Shakespeare and Shelly S Ariel: the Coding of Desire

Shakespeare and Shelly S Ariel: the Coding of Desire

Gresham 1

Karin Gresham

Professor Debbie Lee

English 521

12 Nov 2010

Shakespeare and Shelly’s Ariel: The Coding of Desire

In “’More than ever can be spoken’: Unconscious Fantasy in Shelly’s Jane Williams Poems,” Thomas Frosch details the complex history that surrounds Percy Bysshe Shelley’s “To JanePoems,” a series of verses written to Jane Williams, the wife of a British naval officer he had befriended in 1821. Frosch poignantly observes in his analysis of The Magnetic Lady to Her Patient, one poem in this series, the heteroerotic desire Shelley felt for his close friend Jane Williams and, by proxy, the sexual passion he may have likewise felt for her husband James, who was perhaps included in Shelly’s fantasy of an “exciting oedipal triangle” (Frosch 387). A model for the theories of Eve Sedgwick, this erotic triangle details the relationship between two male rivals who, while competing for the female beloved, form an intense, potentially erotic bond that can exceed the desire that either male may feel for the woman over whom they presumably compete (Sedgwick 21). While Frosch is keen in applying Sedgwick’s model of triangulated desire, he nevertheless does not pay it adequate attention nor develop it as thoroughly as he could within the context of this poem nor Shelly’s other Jane Williams Poems. Instead, he chooses to devote his primary attention to investigating those aspects of this series of poems that superficially suggest Shelly’s love for Jane. In so doing, he fails to reconcile historical relations between Shelly and Edward that don’t somehow fit into his understanding of Shelly’s obsession with Jane. One perhaps extravagant assumption is that Edward, a minor figure of desire, would blithely stand by and even act as a messenger of love poems for his friend Shelly, the man who aggressively wants to bed his wife (7). Barry Weller, in a text dated approximately thirty years before Frosch’s, also speaks of Edward’s state of “tacit approval” as Shelly gives the guitar to Jane (Weller 916).

In an attempt to reconcile this apparent dissonance, I propose that we could just as readily examine the same situation from a different angle and expect that certain letters and/or poems were meant for Edward as an equal, if not primary figure, of Shelly’s homoerotic desire. Even through Frosch makes passing notice of a potential erotic triangle, he does not apply his observation to Shelly’s poem that would warrant its greatest attention: With a Guitar. To Jane. In fact, he completely misappropriates The Tempest’s Ariel by transforming the original figure, which was linked to pederastic desire, to a “preoedipal” child, and in this misappropriation he misses key signals in the poem that suggest a homoerotic passion for Edward that may equal Shelly’s feelings for Jane (22). By paying closer attention to Shakespeare’s original depiction of this character within the context of Shelly’s own presentation, we find a character that is not pre-sexual but instead in despair over his hyper- sexuality. I will demonstrate the likelihood of an erotic triangle among the three friends through an analysis of early modern folklore beliefs, Shakespeare’s The Tempest, Shelly’s homoerotic beliefs—which are notably linked to childhood experience-- and the poem itself.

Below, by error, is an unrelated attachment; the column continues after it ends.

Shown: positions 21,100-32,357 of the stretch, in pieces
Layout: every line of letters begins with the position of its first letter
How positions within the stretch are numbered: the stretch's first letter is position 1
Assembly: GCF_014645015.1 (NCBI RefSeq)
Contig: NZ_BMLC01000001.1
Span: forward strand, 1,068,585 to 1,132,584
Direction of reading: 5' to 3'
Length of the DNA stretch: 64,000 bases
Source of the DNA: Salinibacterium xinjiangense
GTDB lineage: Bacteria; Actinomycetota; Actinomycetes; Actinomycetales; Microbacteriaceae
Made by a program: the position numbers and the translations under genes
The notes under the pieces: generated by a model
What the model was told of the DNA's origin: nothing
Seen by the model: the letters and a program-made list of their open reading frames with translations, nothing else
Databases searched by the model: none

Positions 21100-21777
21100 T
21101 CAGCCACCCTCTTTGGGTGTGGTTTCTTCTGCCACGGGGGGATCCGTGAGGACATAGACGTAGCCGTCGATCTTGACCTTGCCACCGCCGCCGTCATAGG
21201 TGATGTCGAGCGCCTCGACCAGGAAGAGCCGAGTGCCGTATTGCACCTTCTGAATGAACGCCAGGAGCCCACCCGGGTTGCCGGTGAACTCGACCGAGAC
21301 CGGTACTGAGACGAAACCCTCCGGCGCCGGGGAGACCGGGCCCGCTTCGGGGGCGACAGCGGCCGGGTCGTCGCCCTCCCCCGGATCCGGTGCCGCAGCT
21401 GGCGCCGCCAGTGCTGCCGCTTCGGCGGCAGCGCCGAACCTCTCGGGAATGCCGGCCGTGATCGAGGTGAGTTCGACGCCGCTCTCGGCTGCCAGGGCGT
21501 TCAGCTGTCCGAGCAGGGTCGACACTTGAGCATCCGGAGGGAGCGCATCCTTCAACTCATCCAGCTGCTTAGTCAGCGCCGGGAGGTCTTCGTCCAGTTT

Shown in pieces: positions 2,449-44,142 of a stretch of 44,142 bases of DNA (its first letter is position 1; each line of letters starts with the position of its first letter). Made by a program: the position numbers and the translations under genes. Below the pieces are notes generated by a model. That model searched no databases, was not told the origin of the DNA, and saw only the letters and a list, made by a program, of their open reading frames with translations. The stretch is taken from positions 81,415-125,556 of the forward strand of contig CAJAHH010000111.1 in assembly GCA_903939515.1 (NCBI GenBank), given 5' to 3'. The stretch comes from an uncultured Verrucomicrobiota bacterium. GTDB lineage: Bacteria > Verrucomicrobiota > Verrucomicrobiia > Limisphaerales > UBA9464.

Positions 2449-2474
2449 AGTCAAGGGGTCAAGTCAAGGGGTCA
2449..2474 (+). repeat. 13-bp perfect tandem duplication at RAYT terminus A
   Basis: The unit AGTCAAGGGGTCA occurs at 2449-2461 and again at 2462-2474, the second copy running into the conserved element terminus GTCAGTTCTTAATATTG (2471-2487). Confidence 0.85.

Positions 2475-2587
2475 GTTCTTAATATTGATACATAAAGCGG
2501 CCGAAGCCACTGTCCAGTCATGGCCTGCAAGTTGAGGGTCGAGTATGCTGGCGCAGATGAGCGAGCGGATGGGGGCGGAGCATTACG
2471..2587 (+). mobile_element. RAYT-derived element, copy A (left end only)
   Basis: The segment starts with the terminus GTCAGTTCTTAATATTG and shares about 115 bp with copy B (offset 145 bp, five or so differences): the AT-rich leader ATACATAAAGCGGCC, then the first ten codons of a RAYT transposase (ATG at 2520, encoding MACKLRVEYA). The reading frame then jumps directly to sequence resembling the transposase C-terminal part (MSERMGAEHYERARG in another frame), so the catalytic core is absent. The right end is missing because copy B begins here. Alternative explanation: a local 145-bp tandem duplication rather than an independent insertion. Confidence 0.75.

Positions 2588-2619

The fairy Ariel is our focus, so, in order to fully comprehend his character’s significance, we must understand the various legends and beliefs that surround, if not directly influence, Shakespeare’s creation of the fairy. Early modern witches and magicians were understood to compact with fairy familiars, which were the supernatural forces that would enact the various black magical desires of the conjuror. In The Tempest, Prospero made Ariel his own slave and/or familiar by releasing him from the prison in which Ariel’s former master, Sycorax the witch, had placed him. W. Stacy Johnson carefully observes that Ariel’s tree-bound imprisonment reflects popular early modern lore regarding familiars. In 1593, George Clifford recorded the tale of one witch who "had a spirite which did abide in a hollow tree," and Johnson notes, “the parallel is striking" (Johnson 225-6). His core character, as well as his above-mentioned circumstance, firmly roots him in folk traditions. Air spirits, like Ariel, which possessed moral ambivalence, were thought to be the cause of lightning and storms. Johnson notes that another contemporary of Shakespeare’s, Randall Hutchins, talks about spirits that “’disturb the air, stir up tempests and thunders,’ being ‘either evoked by the incantations of witches’ or impelled by ‘seditious influences’” (226). Thomas Heywood and Robert Burton are two more early moderns that share similar observations, and all three remark that such storms are famous for causing shipwrecks (226). Notably, in these various early modern associations, fairies, especially the air sprite Ariel, are not figures of child-like innocence and golden age goodness. Instead, they are thought to lure unsuspecting mortals with their music, just as Shelly lures Edward and Jane with his guitar’s siren song (Buccola 158-60).Even in Shelly’s later adaptation, they are figures associated with mischief and misbehavior.